It's an honest mistake, but it is something which SHOULD have been caught in trials. might help flat-chested girls though, but I'm not making a joke out of it, just saying not all is lost.

Marijuana doesn't make EVERYONE mellow, as several percent of users report it causing violent behavior. That's an observable side-effect not yet understood...
Returners
not rated yet Feb 18, 2014
Now if there are known, observable side-effects which are not yet understood, what non-observable side-effects might there be?

These things need to be understood much better before a potentially addictive substance like Marijuana begins to be some sort of over-the-counter cure all for pain and disease.

There's a reason drugs like Morphine (and Cocaine) are used only in a limited role, when absolutely necessary, because in the case of Cocaine, the side-effects can be immediately life threatening to the patient, and life threatening to by-standers and staff due to hallucinations and delusions.

I don't want several MORE percent of the population running around smoking this stuff, and driving while high and such, or operating machinery or making risky decisions like sexual relationships, when probably less than 1 in a thousand has a legitimate need for it.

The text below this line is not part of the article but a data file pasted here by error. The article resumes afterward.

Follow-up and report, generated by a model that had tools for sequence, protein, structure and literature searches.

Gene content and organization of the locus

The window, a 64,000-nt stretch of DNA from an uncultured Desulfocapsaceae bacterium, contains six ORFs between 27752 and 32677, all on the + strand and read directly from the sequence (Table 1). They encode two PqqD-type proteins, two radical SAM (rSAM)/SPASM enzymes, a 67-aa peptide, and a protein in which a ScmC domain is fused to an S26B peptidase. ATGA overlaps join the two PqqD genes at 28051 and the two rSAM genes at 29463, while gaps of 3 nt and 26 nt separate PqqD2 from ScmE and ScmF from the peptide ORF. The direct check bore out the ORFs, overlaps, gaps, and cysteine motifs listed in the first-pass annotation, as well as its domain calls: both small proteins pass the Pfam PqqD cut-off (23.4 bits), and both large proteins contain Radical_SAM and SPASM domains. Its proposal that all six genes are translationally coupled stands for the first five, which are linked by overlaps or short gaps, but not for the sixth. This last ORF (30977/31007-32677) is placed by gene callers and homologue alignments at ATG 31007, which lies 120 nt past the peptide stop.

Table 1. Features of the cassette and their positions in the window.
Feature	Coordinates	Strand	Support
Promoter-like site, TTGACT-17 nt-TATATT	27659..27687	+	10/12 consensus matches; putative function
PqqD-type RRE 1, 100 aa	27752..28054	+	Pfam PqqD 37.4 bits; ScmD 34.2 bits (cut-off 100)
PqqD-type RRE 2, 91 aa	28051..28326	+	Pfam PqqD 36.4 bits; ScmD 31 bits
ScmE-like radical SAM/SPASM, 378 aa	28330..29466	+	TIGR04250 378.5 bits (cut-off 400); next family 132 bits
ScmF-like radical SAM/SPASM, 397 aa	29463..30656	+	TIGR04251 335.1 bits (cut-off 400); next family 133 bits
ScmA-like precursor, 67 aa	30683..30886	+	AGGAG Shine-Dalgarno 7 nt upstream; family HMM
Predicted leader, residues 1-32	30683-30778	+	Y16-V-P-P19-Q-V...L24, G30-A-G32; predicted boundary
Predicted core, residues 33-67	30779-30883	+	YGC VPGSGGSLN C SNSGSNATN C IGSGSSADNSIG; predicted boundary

According to epilepsy foundation.org, 10% of americans experience a seizure, but only about 1% have epilepsy.
Sinister1812
not rated yet Feb 18, 2014
I don't think trials are extensive enough, neither in the scope of time nor in the scope of side-effects investigated.

What is it, this anti-depressant recently, which causes boys to grow female breasts...not caught in trials. Wow. Can you imagine the emotional and physical trauma that puts these kids through, as if they weren't already depressed? The costs of corrective surgery, the questions and confusion this could cause for them for the rest of their lives?


Surely, something like that could've been picked up in trials easily. And if they were any longer, and stricter, it would be ridiculous. Nothing would be approved today. As it is, they go forever, and are so picky about what gets through.
dtxx
5 / 5 (1) Feb 23, 2014
Aspirin is available in buy as much as you can afford take as much as you want format as a cure for pain and disease. It kills over 3,400 people per year. According to the FDA "excess mortality from NSAID-related gastrointestinal bleeding at therapeutic doses."

http://www.fda.go...18761785

And if I want to be a pothead it's none of your damn business anyways. Would you rather live next door to chronic potheads or hardcore drunks? You think legalization will change anything anyways? We already have millions of "potheads" and no law will change that.

Maybe you should put posters of Nancy Reagan, Harry Anslinger, and Gil Kerlikowske up on your bedroom wall.